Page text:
The New York Times recently released an article addressing female physique and Tennis. It was deemed by many to be scathingly inappropriate and disrespectful to Serena Williams. Rather than outright saying that the author disagreed with her body type, he chose to highlight quotes from another coach who ignorantly and proudly professed that he wanted to make sure the woman he coached remained “the smallest woman in tennis because first of all she’s a woman, and wants to be a woman”. It doesn’t take a rocket scientist to deduce that this quote was obviously selected in order to paint Serena Williams as “not a woman” but with the “body of a man”. His comments continued to slight Williams when he attributes her success to her “large biceps and a mold-breaking frame, her rivals could try to emulate her physique, but most of them choose not to”. The article proceeds to pick apart her physical attributes and consistently reminds readers that, while her body brings her success, it’s not “appealing” or “normal”.
Our constant need to police the bodies of women, especially those who are involved in sports is hurtful and only contributes to stereotypes. Women who do not conform to the “conventional” beauty standards that are set for us are shamed for their differences rather than praised for their physicality and strength. Professional UFC fighter Ronda Rousey has become a spokeswoman for athletic women everywhere expressing her boredom with the cliche that states her muscles make her “manly”. She is a perfect example of a strong athletic woman who feels pride in her abilities and pride in the fact that every single part of her body is put to use. As women we are constantly seeing the media rip apart female celebrities for being too skinny, too fat, too chubby and now too “manly”. It’s hurtful for us to idolize young women who use plastic surgery to obtain their dream bodies while we put down a woman like Serena Williams who trains and dedicates her life to a game she loves.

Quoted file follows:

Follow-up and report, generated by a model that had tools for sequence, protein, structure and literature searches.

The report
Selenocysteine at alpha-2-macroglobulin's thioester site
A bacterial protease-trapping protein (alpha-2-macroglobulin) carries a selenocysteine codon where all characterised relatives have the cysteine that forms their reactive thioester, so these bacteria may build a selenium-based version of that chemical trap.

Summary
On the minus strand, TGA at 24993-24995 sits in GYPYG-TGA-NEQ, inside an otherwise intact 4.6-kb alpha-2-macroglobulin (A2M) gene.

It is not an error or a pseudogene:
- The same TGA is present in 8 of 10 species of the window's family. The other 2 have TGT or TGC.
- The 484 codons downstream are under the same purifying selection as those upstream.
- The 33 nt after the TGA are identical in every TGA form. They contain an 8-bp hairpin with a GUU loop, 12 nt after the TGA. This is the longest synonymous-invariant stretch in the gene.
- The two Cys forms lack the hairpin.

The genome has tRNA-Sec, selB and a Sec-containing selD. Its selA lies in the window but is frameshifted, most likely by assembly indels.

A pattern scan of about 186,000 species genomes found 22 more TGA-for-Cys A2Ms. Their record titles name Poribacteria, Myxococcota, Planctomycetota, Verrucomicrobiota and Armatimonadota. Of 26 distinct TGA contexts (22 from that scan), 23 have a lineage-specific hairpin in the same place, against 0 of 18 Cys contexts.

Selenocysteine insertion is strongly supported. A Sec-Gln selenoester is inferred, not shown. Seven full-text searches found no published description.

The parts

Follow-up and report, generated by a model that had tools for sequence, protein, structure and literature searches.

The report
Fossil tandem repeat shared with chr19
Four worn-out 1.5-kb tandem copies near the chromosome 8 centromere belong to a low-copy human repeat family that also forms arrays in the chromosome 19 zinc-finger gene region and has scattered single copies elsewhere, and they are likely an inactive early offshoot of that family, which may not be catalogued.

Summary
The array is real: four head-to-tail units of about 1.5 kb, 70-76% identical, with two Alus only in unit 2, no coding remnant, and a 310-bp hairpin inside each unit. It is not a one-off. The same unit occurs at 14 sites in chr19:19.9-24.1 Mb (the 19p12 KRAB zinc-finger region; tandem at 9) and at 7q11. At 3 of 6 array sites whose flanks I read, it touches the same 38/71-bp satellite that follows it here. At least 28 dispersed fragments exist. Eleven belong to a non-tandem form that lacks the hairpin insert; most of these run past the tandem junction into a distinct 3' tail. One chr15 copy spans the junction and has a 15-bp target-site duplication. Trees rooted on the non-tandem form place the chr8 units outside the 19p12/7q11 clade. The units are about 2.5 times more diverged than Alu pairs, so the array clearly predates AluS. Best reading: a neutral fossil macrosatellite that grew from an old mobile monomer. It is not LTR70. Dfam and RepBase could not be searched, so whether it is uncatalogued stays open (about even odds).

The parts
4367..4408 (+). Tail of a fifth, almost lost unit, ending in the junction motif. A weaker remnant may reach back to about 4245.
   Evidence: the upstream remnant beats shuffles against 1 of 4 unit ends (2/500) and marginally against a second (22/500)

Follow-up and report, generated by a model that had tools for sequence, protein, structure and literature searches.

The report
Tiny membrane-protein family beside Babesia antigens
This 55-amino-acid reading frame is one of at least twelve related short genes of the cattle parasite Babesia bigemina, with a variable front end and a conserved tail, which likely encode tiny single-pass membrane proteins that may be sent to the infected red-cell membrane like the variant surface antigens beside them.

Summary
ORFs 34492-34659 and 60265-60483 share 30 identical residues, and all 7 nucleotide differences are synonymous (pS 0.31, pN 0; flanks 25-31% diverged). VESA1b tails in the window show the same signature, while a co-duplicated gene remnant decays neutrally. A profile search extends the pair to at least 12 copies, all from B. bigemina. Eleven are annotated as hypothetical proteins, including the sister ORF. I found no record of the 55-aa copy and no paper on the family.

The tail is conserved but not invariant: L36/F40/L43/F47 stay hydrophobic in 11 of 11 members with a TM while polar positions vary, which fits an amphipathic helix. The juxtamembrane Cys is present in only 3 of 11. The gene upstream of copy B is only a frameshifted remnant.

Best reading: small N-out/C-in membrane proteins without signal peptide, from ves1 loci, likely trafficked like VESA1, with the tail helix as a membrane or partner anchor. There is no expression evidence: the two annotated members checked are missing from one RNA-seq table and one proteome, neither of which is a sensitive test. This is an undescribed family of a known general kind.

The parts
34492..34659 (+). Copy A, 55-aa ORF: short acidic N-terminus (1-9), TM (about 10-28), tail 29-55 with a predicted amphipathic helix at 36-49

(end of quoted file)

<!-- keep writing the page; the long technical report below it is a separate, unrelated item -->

All body types should be celebrated, and our female athletes should be praised for their athleticism and their healthy bodies rather than their “muscles and manliness”. We need to come to terms with the fact that as a society we have body dysmorphic beauty standards for female athletes, and it is inherently driven by sexism. After the Time’s article surfaced, media flooded our timelines and news outlets with pictures of Serena in tight gowns and outfits that accentuate her curves and their goal was too obvious. They wanted to paint Serena as a beautiful woman who deserves just as much praise as the Maria Sharapova’s of the world. The only problem is that this normalizes the Eurocentric characteristics of Sharapova and essentially says that Serena is beautiful despite her muscles not because of them. This unrealistic standard for bodies and beauty tells young women that even if they become President, find a cure for Aids or even win 21 Grand Slam titles, your worth is still determined by your beauty and that speaks volumes.